Martin will start working as Alice on June 3. She succeeds 71st Alice in Dairyland Kaitlyn Riley, of Gays Mills. As Alice, Martin will travel upwards of 30,000 miles speaking at events and giving media interviews. She’ll also work with the Dairy Farmers of Wisconsin to educate children across the state about dairy and agricultural products.

A number of other Wisconsin organizations contribute to making Alice in Dairyland visible and recognizable to the public. For example, Martin will wear a custom mink garment to promote Wisconsin’s fur industry, and she’ll drive an E-85 flex-fuel Ford Explorer to promote the state’s ethanol industry. While working, Martin will wear a 14-carat gold and platinum brooch or tiara, both of which feature amethysts and citrines, gems indigenous to Wisconsin.

To schedule the 72nd Alice in Dairyland for an event or classroom visit, contact Program Manager Ti Gauger at 608-224-5115 or 


Milk Markets Mostly Lower Monday in Chicago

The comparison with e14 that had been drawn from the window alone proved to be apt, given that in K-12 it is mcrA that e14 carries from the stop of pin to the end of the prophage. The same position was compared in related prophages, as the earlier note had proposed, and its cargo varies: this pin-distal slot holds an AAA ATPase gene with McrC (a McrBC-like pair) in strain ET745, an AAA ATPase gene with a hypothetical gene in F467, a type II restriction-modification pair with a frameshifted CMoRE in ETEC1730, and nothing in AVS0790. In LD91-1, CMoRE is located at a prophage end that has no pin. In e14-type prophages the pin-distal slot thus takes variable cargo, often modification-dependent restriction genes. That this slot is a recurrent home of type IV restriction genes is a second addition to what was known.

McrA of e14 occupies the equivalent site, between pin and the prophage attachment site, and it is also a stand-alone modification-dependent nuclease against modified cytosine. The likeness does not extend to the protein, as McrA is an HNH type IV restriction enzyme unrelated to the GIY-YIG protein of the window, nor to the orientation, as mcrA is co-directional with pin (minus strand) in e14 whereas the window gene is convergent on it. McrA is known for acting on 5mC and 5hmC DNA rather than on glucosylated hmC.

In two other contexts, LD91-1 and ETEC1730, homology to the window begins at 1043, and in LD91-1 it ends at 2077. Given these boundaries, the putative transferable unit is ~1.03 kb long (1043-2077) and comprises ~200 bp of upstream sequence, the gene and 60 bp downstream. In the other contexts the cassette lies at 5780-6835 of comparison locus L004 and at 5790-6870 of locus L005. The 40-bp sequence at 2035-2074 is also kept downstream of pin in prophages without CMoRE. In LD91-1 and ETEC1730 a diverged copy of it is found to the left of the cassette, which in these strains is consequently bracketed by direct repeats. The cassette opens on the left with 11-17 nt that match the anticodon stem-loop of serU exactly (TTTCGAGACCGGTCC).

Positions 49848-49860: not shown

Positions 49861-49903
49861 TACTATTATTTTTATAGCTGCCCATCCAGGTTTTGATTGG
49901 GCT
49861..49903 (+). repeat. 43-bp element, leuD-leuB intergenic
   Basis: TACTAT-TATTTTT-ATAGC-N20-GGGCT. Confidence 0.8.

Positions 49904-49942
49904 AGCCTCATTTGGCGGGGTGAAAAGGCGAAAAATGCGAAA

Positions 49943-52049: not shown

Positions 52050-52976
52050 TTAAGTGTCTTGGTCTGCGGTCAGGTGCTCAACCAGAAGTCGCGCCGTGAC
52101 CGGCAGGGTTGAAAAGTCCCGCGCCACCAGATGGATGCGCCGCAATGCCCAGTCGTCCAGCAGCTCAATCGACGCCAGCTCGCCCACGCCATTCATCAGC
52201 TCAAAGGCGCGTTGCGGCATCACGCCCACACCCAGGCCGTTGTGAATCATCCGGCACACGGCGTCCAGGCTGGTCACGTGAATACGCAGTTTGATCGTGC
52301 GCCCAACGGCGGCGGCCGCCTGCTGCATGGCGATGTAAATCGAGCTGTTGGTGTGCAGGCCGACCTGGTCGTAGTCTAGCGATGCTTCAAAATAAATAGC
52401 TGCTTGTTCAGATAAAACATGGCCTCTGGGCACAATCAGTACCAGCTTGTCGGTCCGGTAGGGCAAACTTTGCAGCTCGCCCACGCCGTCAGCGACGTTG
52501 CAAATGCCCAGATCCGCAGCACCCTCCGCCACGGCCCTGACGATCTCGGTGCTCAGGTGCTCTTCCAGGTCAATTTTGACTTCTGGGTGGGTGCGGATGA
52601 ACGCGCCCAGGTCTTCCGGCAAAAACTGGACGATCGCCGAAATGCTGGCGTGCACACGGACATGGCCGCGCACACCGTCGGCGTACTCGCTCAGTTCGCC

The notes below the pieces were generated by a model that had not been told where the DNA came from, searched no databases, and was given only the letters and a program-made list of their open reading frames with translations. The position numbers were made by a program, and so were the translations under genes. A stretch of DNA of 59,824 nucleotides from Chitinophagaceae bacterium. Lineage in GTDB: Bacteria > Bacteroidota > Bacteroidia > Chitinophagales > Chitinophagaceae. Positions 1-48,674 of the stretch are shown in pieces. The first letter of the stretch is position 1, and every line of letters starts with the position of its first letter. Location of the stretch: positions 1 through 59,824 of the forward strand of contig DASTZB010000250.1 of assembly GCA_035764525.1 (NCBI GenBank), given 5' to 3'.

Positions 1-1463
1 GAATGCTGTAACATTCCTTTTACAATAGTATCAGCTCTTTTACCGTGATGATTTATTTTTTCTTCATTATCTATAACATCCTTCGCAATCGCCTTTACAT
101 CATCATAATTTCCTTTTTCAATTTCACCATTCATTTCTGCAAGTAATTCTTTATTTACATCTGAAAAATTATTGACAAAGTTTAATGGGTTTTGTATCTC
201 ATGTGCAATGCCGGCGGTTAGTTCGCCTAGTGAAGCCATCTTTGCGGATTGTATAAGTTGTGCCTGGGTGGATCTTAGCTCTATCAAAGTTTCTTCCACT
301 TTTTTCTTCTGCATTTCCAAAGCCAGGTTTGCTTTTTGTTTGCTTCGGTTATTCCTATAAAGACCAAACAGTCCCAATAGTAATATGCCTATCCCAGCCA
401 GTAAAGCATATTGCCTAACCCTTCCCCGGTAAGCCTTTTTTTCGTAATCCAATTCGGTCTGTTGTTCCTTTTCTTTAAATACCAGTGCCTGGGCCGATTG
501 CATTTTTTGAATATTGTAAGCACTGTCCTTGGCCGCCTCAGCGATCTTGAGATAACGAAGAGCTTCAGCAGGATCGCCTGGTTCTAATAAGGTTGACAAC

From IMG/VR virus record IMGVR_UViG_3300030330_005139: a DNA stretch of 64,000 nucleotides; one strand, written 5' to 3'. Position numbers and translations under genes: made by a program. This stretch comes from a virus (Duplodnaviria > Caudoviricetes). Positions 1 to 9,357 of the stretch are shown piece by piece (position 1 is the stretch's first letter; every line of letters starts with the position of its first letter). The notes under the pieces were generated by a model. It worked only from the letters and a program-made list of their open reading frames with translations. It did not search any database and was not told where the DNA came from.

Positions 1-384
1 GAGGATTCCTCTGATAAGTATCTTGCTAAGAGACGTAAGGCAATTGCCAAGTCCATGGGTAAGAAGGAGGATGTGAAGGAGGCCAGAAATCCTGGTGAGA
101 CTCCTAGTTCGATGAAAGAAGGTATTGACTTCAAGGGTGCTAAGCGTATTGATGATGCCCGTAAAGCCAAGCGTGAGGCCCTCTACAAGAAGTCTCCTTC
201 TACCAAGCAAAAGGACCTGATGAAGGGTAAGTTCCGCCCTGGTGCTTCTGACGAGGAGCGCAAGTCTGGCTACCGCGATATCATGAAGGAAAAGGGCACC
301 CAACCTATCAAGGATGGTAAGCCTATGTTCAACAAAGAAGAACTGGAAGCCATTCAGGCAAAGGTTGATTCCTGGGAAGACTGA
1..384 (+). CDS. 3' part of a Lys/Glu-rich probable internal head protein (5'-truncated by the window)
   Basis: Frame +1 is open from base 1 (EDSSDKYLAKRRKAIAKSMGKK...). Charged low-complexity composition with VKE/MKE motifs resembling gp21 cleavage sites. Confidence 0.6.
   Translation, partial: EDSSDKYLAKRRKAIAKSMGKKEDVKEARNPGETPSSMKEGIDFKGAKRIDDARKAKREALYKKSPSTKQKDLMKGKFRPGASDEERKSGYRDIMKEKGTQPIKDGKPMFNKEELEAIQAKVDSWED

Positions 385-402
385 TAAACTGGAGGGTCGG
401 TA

On the Chicago Mercantile Exchange Monday except for butter which had a strong day, milk futures and cash dairy prices fell, especially block cheese. Class III milk fell 3 cents in May to 16.30, June fell 15 cents to $16.16 Second half months traded 3-10 cents lower with an average at 16.53/cwt. Dry whey was down $.0075 at  $.34 cents per pound. Two sales were recorded at that price. Forty-pound blocks were down $.0125 at $1.6675 per pound.  One sale was recorded at that price. Barrels were down $.0725 to $1.6375 per pound.  Seven sales were recorded from $1.6375 to $1.67.50. Grade AA Butter was up $.02 at $2.36 per pound.  Four sales were recorded from $2.35 to $2.36. Nonfat dry milk was down $.0075 at $1.06 per pound.  One sale were recorded at that price.